When a news story hits the internet and makes a splash, some people lose their darned minds. That seems to be the case with Yahoo's announcement that it wants more people to come into the office and quit working from home. Some people think it's a wise decision and it's about time we put a short leash on those slackers working their pajamas and too lazy to come into work like grownups. Some are convinced it's the coming of the Evil Empire and are screaming about the inherent unfairness of it all.
The point is, the conversations Yahoo is having in public are being replicated on a less dramatic basis hundreds of times a day. As I pointed out in the last column, I don't know what's right for Yahoo. Unless you are an employee, shareholder or manager there, neither do you and it's basically none of your darned business. What we can do, however, is make an educated guess at some of the challenges that led to this decision and the associated drama. Maybe we can avoid some of the trauma.
Basically, the way I read it, there are several challenges they are trying to address. This is only a guess based on three things: the limited reporting I've read on the topic, my work with dozens of clients in similar situations, and a basic understanding of human nature. If anyone with actual knowledge of the situation there can weigh in, I'd appreciate it:
By the time Yahoo figured out there was a problem, it was too late to take small measures. With all the leadership changes and declining sales, people were too worried about the day to day tasks to take the long view. They were too busy working. Each team works in its own way, reporting in and managing its own tasks and work as well as it can and minding their business.
Only when deadlines are missed, turnover increases or there's some other highly visible signs of dysfunction across the organization do people stop what they're doing to ask "what the heck is going on?" Obviously, the Leadership there decided drastic measures were necessary to correct the problems.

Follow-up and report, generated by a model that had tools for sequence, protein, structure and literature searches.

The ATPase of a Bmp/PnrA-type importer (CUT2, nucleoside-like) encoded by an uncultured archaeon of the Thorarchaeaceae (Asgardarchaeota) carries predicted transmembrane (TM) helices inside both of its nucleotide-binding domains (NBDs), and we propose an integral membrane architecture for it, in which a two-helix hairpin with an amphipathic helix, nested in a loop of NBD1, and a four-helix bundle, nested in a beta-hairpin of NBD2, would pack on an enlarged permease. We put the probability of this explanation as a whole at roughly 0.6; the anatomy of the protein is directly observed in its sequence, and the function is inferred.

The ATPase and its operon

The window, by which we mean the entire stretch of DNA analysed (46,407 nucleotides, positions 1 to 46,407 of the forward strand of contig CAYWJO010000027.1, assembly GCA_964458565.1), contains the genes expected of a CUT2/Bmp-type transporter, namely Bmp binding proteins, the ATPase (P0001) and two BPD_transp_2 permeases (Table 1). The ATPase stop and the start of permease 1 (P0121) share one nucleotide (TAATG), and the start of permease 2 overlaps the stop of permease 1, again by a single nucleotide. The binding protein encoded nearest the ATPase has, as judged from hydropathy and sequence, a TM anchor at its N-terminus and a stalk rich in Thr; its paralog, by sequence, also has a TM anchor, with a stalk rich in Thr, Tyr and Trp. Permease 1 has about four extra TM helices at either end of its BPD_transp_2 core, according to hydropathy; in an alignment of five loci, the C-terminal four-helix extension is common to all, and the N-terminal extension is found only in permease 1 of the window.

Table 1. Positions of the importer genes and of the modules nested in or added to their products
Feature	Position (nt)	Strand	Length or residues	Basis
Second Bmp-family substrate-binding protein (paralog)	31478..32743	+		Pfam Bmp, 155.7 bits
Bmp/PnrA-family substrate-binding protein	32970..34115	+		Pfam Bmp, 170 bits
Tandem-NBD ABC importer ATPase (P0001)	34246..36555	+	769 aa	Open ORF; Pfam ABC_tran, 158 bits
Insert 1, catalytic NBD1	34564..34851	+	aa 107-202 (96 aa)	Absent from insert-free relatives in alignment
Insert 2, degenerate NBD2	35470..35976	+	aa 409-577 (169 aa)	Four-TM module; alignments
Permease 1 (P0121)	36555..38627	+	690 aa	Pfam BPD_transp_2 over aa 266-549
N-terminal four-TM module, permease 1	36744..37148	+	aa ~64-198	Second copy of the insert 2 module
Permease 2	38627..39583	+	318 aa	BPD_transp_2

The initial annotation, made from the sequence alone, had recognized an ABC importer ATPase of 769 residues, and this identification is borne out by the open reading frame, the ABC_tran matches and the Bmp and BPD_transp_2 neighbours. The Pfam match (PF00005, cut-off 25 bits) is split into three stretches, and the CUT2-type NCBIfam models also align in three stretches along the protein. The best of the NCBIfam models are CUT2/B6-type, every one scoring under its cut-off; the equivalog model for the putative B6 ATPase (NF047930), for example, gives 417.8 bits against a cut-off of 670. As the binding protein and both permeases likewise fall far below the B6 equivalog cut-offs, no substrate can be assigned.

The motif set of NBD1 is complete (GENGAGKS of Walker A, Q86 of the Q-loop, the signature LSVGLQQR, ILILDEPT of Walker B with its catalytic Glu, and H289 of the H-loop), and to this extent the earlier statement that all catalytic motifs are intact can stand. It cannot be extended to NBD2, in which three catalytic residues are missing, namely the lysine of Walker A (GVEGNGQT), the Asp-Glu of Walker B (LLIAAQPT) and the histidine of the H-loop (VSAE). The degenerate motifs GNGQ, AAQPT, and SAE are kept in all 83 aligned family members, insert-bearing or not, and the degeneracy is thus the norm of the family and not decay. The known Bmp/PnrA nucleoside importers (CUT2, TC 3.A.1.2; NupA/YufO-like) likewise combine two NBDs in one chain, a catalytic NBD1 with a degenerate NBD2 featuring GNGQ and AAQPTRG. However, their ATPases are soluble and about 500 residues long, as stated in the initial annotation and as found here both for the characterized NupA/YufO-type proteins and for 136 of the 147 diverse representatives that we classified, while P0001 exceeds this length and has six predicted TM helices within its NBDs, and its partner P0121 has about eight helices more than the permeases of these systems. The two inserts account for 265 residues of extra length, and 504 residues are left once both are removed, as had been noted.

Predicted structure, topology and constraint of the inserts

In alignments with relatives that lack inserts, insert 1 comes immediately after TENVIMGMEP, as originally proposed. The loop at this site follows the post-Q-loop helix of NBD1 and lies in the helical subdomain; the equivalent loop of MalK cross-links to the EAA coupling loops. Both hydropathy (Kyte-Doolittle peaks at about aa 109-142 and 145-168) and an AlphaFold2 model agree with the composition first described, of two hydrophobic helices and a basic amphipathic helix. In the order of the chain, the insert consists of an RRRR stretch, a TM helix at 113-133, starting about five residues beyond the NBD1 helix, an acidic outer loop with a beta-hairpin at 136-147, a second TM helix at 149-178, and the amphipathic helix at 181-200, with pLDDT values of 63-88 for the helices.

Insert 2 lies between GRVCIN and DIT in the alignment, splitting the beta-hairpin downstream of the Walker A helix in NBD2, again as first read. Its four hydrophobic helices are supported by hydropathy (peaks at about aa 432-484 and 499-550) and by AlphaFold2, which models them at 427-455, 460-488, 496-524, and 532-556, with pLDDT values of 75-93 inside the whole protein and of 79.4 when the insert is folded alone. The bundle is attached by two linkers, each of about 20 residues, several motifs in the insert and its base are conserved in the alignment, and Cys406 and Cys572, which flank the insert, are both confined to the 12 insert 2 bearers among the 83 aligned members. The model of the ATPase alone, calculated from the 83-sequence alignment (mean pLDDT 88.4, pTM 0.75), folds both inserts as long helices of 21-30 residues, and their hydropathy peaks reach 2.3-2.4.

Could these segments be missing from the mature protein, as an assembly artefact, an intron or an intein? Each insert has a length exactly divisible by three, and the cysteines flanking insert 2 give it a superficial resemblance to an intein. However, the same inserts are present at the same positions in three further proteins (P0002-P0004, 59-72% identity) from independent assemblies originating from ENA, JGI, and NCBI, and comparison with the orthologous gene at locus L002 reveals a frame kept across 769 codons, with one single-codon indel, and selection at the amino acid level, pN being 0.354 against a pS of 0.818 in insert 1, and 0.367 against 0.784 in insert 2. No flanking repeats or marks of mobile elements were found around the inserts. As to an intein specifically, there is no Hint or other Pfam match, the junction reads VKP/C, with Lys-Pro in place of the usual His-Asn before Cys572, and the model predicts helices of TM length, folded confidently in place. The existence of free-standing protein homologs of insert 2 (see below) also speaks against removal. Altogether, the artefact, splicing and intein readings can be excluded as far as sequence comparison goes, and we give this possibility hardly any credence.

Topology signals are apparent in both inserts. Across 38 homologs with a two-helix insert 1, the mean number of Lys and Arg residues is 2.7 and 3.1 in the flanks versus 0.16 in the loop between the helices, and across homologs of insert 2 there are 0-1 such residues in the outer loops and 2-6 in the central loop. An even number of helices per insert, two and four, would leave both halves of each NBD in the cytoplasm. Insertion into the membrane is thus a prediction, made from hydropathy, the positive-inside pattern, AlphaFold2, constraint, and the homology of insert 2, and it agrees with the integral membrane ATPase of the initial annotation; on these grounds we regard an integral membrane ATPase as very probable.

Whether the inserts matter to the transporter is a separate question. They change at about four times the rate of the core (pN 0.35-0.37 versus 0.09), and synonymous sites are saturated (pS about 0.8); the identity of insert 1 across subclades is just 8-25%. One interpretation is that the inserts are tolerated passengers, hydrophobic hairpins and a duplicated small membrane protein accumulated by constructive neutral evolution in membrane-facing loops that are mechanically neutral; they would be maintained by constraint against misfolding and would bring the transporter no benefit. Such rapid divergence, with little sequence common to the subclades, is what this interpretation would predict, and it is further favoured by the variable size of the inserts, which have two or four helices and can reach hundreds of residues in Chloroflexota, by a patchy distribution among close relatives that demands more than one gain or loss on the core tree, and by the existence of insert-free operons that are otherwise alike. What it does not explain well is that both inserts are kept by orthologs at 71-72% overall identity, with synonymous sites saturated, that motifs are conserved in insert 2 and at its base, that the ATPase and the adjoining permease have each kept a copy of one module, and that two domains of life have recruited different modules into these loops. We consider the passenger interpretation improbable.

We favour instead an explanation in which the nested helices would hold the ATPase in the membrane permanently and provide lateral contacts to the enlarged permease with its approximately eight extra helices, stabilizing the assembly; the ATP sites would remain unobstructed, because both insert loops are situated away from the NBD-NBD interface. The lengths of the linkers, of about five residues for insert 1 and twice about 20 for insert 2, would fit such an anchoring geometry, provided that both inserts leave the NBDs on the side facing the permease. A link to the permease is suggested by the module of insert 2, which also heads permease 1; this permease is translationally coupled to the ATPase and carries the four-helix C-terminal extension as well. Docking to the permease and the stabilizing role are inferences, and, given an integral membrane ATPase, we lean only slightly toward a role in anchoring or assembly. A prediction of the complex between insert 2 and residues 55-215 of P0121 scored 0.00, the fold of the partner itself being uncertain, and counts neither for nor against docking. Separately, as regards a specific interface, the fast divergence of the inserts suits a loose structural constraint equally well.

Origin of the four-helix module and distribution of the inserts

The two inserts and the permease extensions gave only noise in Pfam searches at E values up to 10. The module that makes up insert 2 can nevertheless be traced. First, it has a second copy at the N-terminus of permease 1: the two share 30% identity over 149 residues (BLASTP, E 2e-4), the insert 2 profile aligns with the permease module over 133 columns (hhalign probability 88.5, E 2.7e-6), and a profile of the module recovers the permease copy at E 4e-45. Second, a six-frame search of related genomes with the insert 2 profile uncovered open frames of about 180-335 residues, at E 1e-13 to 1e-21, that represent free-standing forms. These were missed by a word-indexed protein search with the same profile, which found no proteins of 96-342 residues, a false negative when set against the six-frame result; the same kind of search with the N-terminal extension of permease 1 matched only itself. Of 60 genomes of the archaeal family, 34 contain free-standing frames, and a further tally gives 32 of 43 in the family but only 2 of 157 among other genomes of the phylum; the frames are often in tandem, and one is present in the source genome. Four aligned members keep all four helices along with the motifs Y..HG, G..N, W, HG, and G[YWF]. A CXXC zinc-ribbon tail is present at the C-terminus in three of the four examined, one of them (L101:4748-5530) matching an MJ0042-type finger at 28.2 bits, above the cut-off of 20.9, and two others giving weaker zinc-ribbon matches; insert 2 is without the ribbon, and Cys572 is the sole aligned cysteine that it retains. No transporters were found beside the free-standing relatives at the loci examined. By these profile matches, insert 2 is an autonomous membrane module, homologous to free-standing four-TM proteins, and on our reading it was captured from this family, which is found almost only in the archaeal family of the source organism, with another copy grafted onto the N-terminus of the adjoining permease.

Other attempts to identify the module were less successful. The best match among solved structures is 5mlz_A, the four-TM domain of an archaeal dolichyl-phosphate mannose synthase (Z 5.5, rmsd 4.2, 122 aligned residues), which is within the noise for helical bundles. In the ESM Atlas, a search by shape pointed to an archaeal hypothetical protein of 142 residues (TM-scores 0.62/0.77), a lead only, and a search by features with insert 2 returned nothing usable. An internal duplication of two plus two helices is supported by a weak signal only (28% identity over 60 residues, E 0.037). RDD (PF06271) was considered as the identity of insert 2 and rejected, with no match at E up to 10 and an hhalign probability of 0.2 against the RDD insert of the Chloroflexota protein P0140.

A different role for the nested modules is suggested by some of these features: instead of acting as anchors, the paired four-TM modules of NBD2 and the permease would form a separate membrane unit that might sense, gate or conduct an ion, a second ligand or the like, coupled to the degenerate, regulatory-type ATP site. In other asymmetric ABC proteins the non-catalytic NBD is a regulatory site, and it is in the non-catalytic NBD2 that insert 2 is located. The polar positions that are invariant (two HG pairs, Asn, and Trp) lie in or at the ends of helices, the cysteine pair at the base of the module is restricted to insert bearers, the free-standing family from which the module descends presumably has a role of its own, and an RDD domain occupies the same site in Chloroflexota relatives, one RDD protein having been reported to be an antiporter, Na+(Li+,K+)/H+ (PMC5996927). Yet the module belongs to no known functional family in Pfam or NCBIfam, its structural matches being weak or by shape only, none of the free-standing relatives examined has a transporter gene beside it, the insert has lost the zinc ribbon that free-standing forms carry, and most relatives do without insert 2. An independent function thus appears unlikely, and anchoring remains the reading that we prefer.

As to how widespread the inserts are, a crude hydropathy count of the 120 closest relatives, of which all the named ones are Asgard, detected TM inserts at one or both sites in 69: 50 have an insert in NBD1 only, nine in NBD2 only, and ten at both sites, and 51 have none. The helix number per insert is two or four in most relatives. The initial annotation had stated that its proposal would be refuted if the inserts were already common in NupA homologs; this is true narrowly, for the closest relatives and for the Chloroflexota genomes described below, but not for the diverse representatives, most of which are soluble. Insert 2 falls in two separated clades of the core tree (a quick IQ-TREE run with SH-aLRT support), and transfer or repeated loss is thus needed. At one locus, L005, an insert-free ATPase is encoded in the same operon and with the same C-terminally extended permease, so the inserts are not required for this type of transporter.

The biggest complaint seemed to be about a lack of collaboration and team spirit. This is a common problem with workforces that aren't co-located. Here's the thing to remember, though. While it's not uncommon to have remote or separated workteams feel distant from each other, it's not a foregone conclusion that will happen.
As we've pointed out many times in this blog, there is a difference between remote distance (people are working together but are physically separated by time and distance) and virtual distance (people lack the human and organization connections that lead to productive working relationships). Many teams can function this way, obviously Yahoo could not.
Remember our motto around here- Genghis Khan ruled half the known world and never held a WebEx meeting. It can be done, it just ain't easy. Which leads us to the last point:
Management wasn't paying attention to the team dynamics, and that's on them. Were people working from home because they could be more productive, or because they just didn't like the atmosphere at the office and didn't want to go in? Were they working together effectively? How did they feel about what was going on with their team, their bosses and the company?
My guess is that those conversations weren't happening. Yes, the boss would check in that the Thompson report was on track, but didn't ask the hard, time-consuming but critical questions about how people were feeling about their work and what was going on with the company.
There are plenty of warning signs that a virtual team is in trouble, but it takes honesty and hard work to spot them. (You can read a white paper on the Three Reasons Virtual Teams Fail, here).
This last point is important. As Marissa Mayer points out, you get a lot of information just walking the halls and sharing lunch together. Managers who don't have that opportunity need to create ways to manage by virtually walking around. That isn't a natural thing for many of us. Training and guidance can help prepare leaders for that new environment. My guess is, there wasn't much of either provided to managers in this case.
Maybe getting people together physically will help re-create the startup Yahoo spirit. Maybe it will just tick off enough employees they go into a full-blown morale and turnover crisis. It will be fascinating to watch. Maybe, though, this can be an object lesson to those of us project and team managers who want to avoid things coming to such an ugly crisis point.
So how are things where you work? Are you sure?